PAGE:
If you've seen films like "Armageddon," you know the potential threat asteroids can be for Earth. To meet that threat, NASA has built a map like no other: a plot of every dangerous asteroid that could potentially endanger our planet … at least the ones we know about.
NASA released the new map of "potentially hazardous asteroids" on Aug. 2 in a post to its online Planetary Photojournal overseen by the agency's Jet Propulsion Laboratory in Pasadena, Calif. The map shows the orbital paths of more than 1,400 asteroids known creep too close to Earth for comfort. None of the asteroids mapped pose an impact threat to Earth within the next 100 years, agency officials said.
"These are the asteroids considered hazardous because they are fairly large (at least 460 feet or 140 meters in size), and because they follow orbits that pass close to the Earth's orbit (within 4.7 million miles or 7.5 million kilometers)," NASA officials explained in the image description. [See photos of potentially dangerous asteroids seen by NASA]
The asteroid map shows a dizzying swarm of overlapping blue ellipses (the asteroid orbits) surrounding the sun. The orbits of Earth, Venus, Mercury, Mars and Jupiter are also visible to put the asteroid orbits in perspective on a solar system-wide scale.
If you're worried about a rogue asteroid or comet obliterating life as we know it this week, don't panic just yet. Just because the asteroids in the new NASA map are classified as "potentially hazardous" — scientists call them PHAs in NASA-speak — that doesn't mean they are an imminent threat to the Earth, NASA said.
According to NASA, "being classified as a PHA does not mean that an asteroid will impact the Earth: None of these PHAs is a worrisome threat over the next 100 years. By continuing to observe and track these asteroids, their orbits can be refined and more precise predictions made of their future close approaches and impact probabilities."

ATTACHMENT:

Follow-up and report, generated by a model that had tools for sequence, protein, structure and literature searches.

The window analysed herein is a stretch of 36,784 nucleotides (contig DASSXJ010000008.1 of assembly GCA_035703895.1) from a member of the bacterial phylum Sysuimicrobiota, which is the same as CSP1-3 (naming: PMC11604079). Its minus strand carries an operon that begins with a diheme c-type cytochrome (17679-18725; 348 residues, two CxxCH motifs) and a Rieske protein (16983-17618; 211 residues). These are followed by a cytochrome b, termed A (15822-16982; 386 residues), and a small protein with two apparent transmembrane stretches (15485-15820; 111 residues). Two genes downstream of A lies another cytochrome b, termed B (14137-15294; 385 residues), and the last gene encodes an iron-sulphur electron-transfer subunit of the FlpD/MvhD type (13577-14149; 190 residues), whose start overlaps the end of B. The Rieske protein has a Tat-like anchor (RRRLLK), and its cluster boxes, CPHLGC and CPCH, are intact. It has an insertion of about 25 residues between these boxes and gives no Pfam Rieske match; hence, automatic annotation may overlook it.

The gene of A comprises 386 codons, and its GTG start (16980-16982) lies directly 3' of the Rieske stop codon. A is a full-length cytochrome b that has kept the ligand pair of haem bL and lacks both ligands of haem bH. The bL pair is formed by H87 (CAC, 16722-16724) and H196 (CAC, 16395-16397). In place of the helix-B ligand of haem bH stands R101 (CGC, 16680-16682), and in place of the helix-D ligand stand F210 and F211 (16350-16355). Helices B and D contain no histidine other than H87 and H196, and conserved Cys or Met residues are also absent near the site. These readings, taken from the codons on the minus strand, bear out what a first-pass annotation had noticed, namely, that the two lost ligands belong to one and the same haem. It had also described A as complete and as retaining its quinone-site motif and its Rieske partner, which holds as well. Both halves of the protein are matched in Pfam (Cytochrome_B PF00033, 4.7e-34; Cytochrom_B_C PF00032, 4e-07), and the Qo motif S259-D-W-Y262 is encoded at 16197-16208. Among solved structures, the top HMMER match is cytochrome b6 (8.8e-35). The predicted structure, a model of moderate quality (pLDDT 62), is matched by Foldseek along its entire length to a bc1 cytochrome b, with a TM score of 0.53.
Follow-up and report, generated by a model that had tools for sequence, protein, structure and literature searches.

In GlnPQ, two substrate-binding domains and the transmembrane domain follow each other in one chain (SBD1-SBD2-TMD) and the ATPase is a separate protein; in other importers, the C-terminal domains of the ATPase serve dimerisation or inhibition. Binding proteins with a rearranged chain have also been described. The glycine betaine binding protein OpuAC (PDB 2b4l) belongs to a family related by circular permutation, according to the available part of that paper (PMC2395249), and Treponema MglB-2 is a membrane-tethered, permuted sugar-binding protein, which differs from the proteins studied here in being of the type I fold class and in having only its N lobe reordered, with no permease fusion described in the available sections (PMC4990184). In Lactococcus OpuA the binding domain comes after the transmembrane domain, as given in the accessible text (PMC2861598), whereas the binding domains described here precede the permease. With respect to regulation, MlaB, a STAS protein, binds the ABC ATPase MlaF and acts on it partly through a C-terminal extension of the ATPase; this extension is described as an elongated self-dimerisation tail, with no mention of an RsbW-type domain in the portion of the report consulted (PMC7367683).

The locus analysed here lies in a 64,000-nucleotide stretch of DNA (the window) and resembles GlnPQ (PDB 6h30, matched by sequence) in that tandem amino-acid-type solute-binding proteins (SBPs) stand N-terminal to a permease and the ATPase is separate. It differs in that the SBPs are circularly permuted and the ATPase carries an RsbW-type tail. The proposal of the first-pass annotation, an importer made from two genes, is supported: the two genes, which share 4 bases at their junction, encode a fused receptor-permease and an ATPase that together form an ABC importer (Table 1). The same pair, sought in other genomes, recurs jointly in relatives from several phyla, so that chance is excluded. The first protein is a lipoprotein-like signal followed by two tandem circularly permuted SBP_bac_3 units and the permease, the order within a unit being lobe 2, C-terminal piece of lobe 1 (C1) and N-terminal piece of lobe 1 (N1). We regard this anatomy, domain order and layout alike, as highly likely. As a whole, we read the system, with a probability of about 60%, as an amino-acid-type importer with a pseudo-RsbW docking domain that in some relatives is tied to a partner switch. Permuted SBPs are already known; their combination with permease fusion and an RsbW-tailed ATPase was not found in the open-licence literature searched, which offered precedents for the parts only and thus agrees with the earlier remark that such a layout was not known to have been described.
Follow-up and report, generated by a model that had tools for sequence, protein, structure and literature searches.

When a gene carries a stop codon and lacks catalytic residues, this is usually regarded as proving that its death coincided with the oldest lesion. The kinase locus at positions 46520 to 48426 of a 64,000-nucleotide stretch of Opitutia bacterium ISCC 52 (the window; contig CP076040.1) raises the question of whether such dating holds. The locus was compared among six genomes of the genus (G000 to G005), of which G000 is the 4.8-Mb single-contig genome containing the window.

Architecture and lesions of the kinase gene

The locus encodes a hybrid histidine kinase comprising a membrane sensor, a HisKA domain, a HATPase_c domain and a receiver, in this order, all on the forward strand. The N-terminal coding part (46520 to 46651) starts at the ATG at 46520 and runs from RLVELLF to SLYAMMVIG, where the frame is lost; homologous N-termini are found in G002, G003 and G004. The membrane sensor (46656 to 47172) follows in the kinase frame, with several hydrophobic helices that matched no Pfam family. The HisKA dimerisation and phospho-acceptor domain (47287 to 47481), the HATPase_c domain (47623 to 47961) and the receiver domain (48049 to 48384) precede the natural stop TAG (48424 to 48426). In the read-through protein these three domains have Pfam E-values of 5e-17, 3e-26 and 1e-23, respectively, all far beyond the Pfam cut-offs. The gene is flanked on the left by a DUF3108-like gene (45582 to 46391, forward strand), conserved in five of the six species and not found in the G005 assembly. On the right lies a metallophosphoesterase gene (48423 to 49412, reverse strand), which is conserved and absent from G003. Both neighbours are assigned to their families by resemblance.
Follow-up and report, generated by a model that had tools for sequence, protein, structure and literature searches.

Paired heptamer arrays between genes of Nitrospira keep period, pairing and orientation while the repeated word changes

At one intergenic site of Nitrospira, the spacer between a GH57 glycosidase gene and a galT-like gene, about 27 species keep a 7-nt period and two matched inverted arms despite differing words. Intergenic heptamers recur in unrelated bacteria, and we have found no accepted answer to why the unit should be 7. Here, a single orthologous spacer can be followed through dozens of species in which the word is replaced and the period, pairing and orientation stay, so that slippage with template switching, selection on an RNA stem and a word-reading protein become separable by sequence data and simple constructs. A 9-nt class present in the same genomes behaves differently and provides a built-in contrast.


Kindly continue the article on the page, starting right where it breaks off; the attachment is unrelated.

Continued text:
NASA scientists and astronomers around the world are constantly searching for asteroids that may pose an impact threat to Earth. NASA has said that roughly 95 percent of the largest asteroids that could endanger Earth — space rocks at least 0.6 miles (1 km) wide — have been identified through these surveys.
At the Jet Propulsion Laboratory, NASA's Asteroid Watch project scientists work to share the latest asteroid discoveries and potential threats with the public. The Asteroid Watch is part of NASA's Near-Earth Object Program that studies asteroids and comets, as well as their potential impact threats to the Earth and other planets.
This story was provided by SPACE.com, a sister site to LiveScience. Email Tariq Malik at email@example.com or follow him @tariqjmalik and Google+. Follow us @Spacedotcom, Facebook and Google+. Original article on SPACE.com.
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Tariq is the editor-in-chief of Live Science's sister site Space.com. He joined the team in 2001 as a staff writer, and later editor, focusing on human spaceflight, exploration and space science. Before joining Space.com, Tariq was a staff reporter for The Los Angeles Times, covering education and city beats in La Habra, Fullerton and Huntington Beach. He is also an Eagle Scout (yes, he has the Space Exploration merit badge) and went to Space Camp four times. He has journalism degrees from the University of Southern California and New York University.